Memories of hunting – Te Urewera and Hawkes Bay

The earlier post on Hunting in New Zealand prompted one of our regular contributors, Paul Knight (now 74), to reminisce about his own hunting days:

When I was a child, my father used to take me fishing in Whangaroa Harbour and hunting for rabbits and hares, ducks and swans.  By my early teens I had graduated to hunting deer.  The purpose of both the fishing and the hunting was to keep an old freezer stocked for the family of 6. By the time I was a university student in the 1950s, I went hunting for deer by myself, traveling by motorbike with sidecar (Triumph 500 Speed Twin), mostly to Minginui Forest, west of Te Urewera National Park.

Hunting at Minginui was always successful.  There was no need to get up at dawn.  Even in the middle of the day you could creep up on clearings in the kanuka scrub or forest with a good chance of finding a herd of anything up to about 20 deer resting in the sun.  They would make off in panic and not infrequently ran straight at me in the confusion. Continue reading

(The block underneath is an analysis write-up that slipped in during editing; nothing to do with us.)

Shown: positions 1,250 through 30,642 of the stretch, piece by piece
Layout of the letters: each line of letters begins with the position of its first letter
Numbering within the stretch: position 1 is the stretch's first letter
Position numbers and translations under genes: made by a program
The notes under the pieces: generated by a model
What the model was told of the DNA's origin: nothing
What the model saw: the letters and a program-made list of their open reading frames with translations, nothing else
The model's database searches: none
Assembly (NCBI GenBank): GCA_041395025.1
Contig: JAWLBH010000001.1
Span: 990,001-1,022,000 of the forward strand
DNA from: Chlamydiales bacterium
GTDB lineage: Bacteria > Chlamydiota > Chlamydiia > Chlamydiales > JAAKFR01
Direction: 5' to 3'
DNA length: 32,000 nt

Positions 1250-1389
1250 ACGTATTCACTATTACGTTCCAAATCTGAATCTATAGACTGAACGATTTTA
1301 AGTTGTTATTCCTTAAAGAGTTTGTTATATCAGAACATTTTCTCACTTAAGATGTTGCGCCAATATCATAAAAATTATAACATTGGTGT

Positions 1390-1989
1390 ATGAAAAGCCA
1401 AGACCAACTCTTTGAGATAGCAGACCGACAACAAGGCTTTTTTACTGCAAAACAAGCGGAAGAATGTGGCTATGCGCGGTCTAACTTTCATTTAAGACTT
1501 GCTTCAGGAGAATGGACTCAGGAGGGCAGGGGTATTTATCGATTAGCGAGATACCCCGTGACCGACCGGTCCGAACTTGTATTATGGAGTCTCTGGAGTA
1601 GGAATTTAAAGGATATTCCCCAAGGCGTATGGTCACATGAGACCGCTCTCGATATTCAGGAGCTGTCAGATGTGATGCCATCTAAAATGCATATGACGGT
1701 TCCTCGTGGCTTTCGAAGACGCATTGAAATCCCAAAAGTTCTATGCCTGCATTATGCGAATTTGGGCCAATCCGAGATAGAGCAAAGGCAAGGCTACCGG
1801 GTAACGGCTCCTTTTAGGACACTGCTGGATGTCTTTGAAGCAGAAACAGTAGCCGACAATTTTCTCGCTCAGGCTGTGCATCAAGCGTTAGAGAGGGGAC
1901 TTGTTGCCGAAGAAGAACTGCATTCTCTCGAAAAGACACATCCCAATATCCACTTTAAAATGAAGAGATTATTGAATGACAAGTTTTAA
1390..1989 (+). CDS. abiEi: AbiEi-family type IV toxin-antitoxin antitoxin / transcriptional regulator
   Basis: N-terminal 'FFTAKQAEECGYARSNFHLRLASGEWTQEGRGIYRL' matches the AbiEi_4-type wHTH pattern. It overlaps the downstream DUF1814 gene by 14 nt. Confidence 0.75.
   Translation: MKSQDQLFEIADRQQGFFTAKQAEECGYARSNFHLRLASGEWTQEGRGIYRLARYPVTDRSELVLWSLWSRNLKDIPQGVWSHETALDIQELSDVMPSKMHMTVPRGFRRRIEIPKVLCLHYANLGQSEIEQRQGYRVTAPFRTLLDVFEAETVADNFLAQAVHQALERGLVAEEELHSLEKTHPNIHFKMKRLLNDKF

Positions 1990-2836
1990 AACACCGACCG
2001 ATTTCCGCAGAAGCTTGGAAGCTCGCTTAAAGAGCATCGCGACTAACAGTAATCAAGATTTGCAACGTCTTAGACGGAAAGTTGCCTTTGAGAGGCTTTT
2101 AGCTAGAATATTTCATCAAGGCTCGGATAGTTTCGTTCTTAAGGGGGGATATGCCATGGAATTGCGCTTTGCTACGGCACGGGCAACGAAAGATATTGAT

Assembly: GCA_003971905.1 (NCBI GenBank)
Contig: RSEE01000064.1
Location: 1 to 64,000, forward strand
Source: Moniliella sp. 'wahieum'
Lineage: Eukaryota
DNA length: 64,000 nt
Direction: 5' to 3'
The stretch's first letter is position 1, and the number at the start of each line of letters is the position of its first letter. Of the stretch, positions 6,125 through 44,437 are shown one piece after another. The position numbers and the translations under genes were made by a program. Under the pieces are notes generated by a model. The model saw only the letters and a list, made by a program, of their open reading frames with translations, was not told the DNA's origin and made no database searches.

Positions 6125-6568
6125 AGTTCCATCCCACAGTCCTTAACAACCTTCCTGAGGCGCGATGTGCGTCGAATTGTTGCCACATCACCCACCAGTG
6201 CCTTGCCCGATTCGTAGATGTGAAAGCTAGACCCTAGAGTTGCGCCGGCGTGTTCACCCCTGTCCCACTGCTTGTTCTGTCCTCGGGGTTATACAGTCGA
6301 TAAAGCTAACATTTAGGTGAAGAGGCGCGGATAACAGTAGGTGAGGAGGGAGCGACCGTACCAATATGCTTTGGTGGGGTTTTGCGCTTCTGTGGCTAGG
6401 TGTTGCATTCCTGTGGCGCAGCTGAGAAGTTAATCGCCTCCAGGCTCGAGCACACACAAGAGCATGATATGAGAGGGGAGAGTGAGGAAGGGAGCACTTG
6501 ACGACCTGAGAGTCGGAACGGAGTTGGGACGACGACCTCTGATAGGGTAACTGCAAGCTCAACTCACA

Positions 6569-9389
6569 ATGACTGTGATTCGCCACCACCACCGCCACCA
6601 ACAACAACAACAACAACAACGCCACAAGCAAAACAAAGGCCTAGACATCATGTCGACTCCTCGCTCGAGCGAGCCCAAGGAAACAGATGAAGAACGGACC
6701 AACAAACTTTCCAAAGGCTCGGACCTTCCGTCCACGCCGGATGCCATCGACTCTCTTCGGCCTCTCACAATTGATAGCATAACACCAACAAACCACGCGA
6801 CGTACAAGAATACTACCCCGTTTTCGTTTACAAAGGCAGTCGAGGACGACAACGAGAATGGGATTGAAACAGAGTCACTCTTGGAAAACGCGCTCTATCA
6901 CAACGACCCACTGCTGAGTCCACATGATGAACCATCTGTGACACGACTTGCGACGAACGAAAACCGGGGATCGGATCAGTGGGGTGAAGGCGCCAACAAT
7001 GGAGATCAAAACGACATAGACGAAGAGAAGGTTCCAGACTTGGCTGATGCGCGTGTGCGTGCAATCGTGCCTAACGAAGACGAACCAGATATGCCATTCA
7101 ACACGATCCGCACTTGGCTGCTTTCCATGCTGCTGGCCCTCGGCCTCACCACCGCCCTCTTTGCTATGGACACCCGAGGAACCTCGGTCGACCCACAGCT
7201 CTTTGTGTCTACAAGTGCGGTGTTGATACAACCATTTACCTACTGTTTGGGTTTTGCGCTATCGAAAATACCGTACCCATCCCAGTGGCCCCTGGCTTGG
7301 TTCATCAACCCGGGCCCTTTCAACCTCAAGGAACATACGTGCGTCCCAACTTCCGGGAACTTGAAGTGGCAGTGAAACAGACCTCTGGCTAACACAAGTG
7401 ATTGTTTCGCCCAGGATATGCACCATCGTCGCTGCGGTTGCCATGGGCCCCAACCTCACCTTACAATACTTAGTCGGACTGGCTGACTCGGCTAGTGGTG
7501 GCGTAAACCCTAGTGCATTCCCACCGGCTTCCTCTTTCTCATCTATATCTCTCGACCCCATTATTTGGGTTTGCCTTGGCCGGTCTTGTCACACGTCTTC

The “furry money-spinner” – the history of the possum in New Zealand

Possums are now estimated to number 70 million in New Zealand, and are acknowledged as a pest that inflicts colossal damage on New Zealand’s indigenous flora and fauna. However, only 100 years ago, they were highly valued and strictly protected.

Possums were introduced to New Zealand with the intention of establishing a fur trade. They were first released in the 1830s, but initially failed to become established. Imports began to taper off after 1900, and until the late 1930s, they were periodically protected as imported game – it was illegal to trap or kill them. As David Young notes, they were regarded by the government as “furry money-spinners” well into the third decade of the 20th century. Continue reading